Michael's drunken state caused him to lash out. Hetty thought the stream of verbal abuse she was receiving stung, until she felt the force of his knuckles hit her cheek. As his large fist came into contact with her face, she stumbled backwards and hit her head off the stone fireplace. The room began to spin, but she could still faintly hear Michael's drunken slurs. She blinked hard, shielded her face with her crumpled, now shaking hands, and succumbed to a paralysing state of shock. Michael then muttered something about “getting some air” and the front door slammed, causing the noise to reverberate around the house. As soon as she was sure he had left, Hetty ran into the bathroom, slamming the door behind her and slowly sinking to the floor. Holding her knees tightly towards her chest, she became hysterical.
Her once-pristine make-up was no more, her mascara-ed eyes became sodden, and her tears fell with such violence that they left behind spatters of dirty grey down her cheeks. The brave face she had been withstanding for the past few hours finally broke away, revealing a somewhat younger sense of self. She struggled to catch her breath, gasping for air between stolen sobs. Hetty was 27, but with tears cascading down her cheeks, she appeared to be a teenager again. Her head was throbbing, a result of Michael's violent outburst and the sheer amount of tears she had shed. Exhausted, terrified and dazed, Hetty felt herself drifting slowly into a deep sleep.
The next thing she knew, Hetty awoke, to find herself curled up, foetus-like, on the ceramic tiles of the bathroom floor. They were cold and really uncomfortable. After a few minutes confusion as to her whereabouts, she shakily pulled herself to her feet, and caught sight of her reflection in the bathroom mirror. Her right eye was painful, the bruising already developed; a harsh mix of purples and greys. Her head was pounding, an incessant kind of headache that just wasn't letting up. She wandered over to the sink, splashed her face with tepid water, and headed to the kitchen in search of pain relief, hoping with every ounce of her being that she wouldn't find Michael there. Waiting.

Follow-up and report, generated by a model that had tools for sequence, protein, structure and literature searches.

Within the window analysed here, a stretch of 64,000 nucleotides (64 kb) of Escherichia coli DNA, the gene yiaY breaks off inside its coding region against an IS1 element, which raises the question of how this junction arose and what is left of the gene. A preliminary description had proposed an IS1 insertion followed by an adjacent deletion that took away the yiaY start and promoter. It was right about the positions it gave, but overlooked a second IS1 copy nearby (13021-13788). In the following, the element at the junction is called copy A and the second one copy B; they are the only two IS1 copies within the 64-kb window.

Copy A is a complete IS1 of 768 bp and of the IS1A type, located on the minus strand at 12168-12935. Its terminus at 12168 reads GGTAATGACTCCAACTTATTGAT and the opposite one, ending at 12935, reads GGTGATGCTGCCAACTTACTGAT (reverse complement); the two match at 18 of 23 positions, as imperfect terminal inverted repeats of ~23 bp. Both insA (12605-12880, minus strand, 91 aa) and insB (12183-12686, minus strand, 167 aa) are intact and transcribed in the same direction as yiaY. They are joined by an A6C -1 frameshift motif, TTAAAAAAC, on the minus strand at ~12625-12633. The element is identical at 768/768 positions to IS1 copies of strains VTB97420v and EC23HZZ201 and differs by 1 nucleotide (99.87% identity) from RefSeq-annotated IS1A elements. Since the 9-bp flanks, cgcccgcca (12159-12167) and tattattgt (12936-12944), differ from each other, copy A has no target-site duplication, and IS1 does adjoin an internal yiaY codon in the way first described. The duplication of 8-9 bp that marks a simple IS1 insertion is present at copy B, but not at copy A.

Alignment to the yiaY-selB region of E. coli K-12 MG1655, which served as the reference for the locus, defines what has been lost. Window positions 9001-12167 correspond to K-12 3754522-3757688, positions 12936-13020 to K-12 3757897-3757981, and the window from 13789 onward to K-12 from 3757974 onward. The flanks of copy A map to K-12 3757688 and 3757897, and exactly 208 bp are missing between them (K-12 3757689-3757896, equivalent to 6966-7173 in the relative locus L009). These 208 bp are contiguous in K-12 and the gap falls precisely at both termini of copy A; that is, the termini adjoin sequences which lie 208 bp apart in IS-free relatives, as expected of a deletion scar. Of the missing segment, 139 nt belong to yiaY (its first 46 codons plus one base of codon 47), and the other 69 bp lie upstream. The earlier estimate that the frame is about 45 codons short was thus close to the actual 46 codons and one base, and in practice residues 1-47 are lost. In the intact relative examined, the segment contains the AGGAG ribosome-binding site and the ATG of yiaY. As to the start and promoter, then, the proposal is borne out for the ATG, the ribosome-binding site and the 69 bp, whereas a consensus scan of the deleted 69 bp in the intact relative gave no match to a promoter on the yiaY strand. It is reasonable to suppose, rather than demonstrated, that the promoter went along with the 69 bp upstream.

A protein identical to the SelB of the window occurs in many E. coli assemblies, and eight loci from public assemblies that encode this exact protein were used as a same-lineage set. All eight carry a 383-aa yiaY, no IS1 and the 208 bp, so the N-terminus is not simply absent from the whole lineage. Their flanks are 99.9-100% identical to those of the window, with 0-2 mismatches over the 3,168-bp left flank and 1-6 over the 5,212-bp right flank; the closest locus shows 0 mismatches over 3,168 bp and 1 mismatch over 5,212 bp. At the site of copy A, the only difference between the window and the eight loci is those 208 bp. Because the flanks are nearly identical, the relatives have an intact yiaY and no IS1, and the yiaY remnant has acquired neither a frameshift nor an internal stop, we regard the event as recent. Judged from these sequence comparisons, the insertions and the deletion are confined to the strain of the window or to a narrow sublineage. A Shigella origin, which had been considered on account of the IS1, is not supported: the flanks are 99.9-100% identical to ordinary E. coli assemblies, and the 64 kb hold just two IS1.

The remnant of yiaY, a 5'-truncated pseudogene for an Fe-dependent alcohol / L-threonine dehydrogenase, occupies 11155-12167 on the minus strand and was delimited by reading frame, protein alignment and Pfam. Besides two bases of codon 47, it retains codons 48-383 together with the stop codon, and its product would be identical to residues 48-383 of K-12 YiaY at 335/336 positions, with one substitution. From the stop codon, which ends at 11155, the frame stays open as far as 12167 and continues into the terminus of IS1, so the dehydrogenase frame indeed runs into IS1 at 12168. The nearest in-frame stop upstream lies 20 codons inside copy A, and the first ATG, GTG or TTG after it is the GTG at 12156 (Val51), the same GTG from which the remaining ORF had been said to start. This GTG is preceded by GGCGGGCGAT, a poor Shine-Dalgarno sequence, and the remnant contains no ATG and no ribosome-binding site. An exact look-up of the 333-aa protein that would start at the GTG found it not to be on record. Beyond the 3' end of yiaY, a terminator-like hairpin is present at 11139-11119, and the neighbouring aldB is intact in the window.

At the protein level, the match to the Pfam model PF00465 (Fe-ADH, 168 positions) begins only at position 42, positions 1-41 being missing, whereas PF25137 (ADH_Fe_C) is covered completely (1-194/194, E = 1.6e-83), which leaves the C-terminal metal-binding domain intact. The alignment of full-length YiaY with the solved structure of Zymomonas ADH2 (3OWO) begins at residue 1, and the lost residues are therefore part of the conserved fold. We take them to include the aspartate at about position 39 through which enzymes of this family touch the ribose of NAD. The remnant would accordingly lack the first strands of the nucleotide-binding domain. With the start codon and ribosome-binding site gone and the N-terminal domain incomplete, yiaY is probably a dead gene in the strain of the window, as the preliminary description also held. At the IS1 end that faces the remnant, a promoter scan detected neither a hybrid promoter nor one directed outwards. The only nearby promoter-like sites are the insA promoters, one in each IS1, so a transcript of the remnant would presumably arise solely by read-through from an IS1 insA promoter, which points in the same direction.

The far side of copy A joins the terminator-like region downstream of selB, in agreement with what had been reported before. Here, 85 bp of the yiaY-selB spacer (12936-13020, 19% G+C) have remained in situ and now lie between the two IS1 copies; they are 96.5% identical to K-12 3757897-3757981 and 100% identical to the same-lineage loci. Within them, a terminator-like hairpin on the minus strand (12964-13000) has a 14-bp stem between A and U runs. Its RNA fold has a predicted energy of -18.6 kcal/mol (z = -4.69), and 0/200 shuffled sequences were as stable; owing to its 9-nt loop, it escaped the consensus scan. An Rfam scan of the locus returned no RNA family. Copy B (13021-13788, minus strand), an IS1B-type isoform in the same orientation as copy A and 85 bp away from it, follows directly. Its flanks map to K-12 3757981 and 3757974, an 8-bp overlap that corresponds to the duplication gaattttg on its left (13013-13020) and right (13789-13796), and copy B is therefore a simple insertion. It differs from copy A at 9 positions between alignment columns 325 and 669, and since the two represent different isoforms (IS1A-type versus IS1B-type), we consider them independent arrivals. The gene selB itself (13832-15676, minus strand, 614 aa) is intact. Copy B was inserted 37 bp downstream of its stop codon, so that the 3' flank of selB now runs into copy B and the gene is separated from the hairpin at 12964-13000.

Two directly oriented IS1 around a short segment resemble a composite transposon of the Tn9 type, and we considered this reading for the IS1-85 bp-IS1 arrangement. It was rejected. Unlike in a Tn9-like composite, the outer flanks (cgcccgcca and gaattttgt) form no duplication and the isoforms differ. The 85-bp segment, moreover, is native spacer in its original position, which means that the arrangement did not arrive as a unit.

Her hands, still shaking, managed to retrieve some painkillers from one of the kitchen cabinets. The remnants of a cup of coffee were on the bench, she took a gulp, dehydrated, then, realising the contents are stone-cold, winced and poured the remainder down the sink. Armed with Aspirin in one hand, she reached for the bottle of whiskey that has been sitting quietly on the bench since the night before, a mild, impartial observer to the turbulence. She struggles to unscrew the top, as her right hand is still clutching the tablets, but when she does, she slips them slowly into her mouth, takes an appropriate swig of whiskey and swallows harshly. She winces again, and recoils as the alcohol stings the back of her throat. Her stomach rumbles, but she is unable to face any food, still too nervous and shaken-up.
Her thoughts were suddenly interrupted, as the front door slammed shut and she heard footsteps in the hallway. They came face-to-face for the first time since Michael's vicious outburst. For a few seconds, no one uttered a word, then, Michael persevered with his tirade of abuse. Hetty, filled with rage, and feeling somewhat empowered, told him exactly what she thought of him. The reaction she got wasn't one she was hoping for.
As Michael raised his hand to her, Hetty decided, this would be the last time. In a fury of panic, shock and anger, she grabbed the nearest thing at her disposal, the half-empty bottle of whiskey, and thrust it towards Michael's head, in a desperate bid for self-defence. As the bottle hit his skull, it smashed; fragments of glass and whiskey scattered around the kitchen. His eyes went glassy, the smug expression that had been sitting so effortlessly on his face vanished, and then his eyes glazed over completely. Immediately, he hit the floor with an almighty thud, and drifted slowly into a state of unconsciousness.
Hetty toyed with the idea of dialling 999, she even had the phone in her hand, but something in her caused her to prevail. She took one last look at the man who had once been, and if she was being honest with herself, still was, the love of her life, now lying battered on their kitchen floor, with blood trickling down the side of his temple. A single tear rolled down her cheek, but she held her head high. She walked into the hallway and picked up her handbag, before slamming the front door behind her. When she reached the end of the street, she just kept walking.